U.S. Secretary of State John F. Kerry will host talks between Afghan President Hamid Karzai and senior Pakistani officials in Brussels on Wednesday, officials said, with the aim of calming tension over border disputes and a flagging peace process.
The meeting is part of a series of on-and-off talks between Afghanistan and Pakistan at the behest of the United States, a senior State Department official said Monday, confirming that Kerry had offered to host the meeting.
Afghanistan has grown frustrated with Pakistan over efforts to pursue a peace process involving the Taliban, suggesting that Islamabad is intent on keeping Afghanistan unstable until after foreign combat forces have left at the end of 2014.
Kerry said the meeting would discuss the handover of security responsibility to Afghan forces this year, a move intended to allow for the end of NATO-led combat operations.
U.S. officials are hopeful that Kerry, who has a good relationship with Karzai, can bring the parties back to the table and make constructive progress on an issue that has long-term security implications for Washington.
In a step toward restoring ties, former allies Turkey and Israel agreed Monday on the “methods and principles” of devising compensation payments for the victims of a deadly 2010 Israeli raid on a Gaza-bound aid flotilla, Turkey’s deputy prime minister said.
Eight Turks and one Turkish American were killed and several other pro-Palestinian activists were wounded when Israeli commandos stormed the ship Mavi Marmara while stopping an international flotilla trying to breach a blockade of the Gaza Strip. The incident, which wounded seven Israeli soldiers, increased tensions between the once-close allies and led to a break in relations.
Last month, President Obama brokered a rapprochement between the two countries, both of which Washington regards as strategic partners in the turbulent Middle East. Israel offered an apology and compensation for the May 2010 raid, and the Turkish and Israeli leaders agreed to try to normalize their relations.
In Ankara, Deputy Prime Minister Bulent Arinc said the two sides had agreed on “the methods and principles, the basics and parameters” for working out compensation, but said the amount had not yet been determined. He said the delegations could hold a second or third meeting.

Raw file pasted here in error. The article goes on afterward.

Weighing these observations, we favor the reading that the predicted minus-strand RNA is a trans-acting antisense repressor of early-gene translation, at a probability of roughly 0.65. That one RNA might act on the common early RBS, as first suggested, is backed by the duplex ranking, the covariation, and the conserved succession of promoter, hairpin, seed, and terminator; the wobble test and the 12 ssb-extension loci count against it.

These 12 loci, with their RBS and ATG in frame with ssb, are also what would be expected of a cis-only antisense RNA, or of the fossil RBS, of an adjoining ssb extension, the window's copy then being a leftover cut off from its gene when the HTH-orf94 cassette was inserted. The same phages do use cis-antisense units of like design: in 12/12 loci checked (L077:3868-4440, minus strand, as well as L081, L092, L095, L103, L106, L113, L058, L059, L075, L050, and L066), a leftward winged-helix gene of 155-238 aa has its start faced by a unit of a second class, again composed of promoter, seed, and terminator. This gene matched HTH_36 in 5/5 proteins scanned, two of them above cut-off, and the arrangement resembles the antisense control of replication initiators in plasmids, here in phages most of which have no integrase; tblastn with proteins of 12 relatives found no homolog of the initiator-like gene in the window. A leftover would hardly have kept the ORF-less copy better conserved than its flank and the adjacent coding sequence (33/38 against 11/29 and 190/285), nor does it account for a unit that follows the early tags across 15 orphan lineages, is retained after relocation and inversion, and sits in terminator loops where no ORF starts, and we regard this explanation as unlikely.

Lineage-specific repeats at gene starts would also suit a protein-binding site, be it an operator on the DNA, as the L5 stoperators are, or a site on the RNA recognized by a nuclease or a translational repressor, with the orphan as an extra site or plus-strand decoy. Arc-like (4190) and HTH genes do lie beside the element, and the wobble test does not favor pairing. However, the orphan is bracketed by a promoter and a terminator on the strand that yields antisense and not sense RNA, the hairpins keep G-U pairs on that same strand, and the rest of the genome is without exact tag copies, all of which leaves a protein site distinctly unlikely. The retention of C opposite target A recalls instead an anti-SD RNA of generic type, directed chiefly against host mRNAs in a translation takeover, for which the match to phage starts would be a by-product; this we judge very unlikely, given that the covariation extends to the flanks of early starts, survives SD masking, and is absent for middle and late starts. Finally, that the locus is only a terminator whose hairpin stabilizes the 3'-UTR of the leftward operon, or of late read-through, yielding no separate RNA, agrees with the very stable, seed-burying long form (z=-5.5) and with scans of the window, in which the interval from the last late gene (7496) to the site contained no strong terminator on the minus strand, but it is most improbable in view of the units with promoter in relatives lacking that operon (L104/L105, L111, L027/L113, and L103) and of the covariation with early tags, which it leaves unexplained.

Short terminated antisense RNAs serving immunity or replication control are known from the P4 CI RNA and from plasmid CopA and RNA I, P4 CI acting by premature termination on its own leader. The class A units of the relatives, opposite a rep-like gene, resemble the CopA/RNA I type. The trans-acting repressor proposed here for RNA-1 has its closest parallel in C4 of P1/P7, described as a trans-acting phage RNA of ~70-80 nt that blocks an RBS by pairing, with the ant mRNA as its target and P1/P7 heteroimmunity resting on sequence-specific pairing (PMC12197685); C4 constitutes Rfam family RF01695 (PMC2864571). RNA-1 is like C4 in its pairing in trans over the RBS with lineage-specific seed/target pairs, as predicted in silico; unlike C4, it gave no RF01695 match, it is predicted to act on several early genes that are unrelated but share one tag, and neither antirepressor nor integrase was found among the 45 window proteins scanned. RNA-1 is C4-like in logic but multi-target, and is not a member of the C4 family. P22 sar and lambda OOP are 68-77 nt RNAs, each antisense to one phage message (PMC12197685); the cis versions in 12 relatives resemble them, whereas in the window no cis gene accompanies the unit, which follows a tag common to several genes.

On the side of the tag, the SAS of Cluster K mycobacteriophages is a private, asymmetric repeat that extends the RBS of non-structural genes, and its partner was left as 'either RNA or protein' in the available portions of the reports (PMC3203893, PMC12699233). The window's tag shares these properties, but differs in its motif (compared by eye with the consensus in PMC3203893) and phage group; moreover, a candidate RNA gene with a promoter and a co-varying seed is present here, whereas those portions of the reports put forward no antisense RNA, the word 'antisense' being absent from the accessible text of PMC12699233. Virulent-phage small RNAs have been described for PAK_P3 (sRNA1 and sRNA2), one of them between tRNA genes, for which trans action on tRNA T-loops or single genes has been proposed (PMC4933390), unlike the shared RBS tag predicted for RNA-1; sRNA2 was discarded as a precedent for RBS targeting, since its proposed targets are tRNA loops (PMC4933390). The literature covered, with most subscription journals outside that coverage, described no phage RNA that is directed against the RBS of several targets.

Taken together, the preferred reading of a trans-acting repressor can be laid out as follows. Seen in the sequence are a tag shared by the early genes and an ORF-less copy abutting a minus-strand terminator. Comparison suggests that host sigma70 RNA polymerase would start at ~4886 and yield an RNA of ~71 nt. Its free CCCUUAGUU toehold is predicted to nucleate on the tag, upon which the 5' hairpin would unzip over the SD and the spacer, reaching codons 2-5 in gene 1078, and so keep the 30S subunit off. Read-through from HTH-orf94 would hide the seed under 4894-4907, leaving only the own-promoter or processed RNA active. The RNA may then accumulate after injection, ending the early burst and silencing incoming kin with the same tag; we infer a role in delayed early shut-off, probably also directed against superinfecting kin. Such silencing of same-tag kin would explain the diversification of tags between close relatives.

— Associated Press
Japanese nationalists near
disputed islands: A flotilla of boats carrying more than 80 Japanese nationalists arrived Tuesday in waters near disputed islands at the center of tensions between China and Japan. The boats were shadowed by at least 10 Japanese Coast Guard vessels, while three Chinese government surveillance ships also moved near the East China Sea islands, known as the Senkaku in Japan and the Diaoyu in China. Also in the region, South Korea’s foreign minister canceled a trip to Tokyo and the Chinese government blasted Japan for a lack of contrition over its past after Prime Minister Shinzo Abe made an offering to a shrine seen as a symbol of Japan’s former militarism.
Scores killed in northeastern
Nigeria: Fighting between soldiers and Islamist extremists in northeastern Nigeria killed at least 187 people, the worst single incident of violence in the region since an insurgency there began three years ago, an aid agency said Monday. Nigeria’s military blocked access for relief officials to enter the town of Baga, which sits along the shores of Lake Chad, said Nwakpa O. Nwakpa of the Red Cross. Seventy-seven people are receiving medical care there in the ruins of a town where about 300 homes burned, he said. Residents blame angry soldiers for burning areas where they knew civilians were hiding.
11 civilians seized by Taliban in Afghanistan: The Taliban took 11 civilians prisoner, including eight Turks and a Russian, after their cargo helicopter made an emergency landing in eastern Afghanistan, officials said Monday, in the first large scale capture of foreigners there in nearly six years. Security forces dispatched to the remote area retreated after engaging in firefights with the insurgents but failing to secure the area or retrieve the captives.
— From news services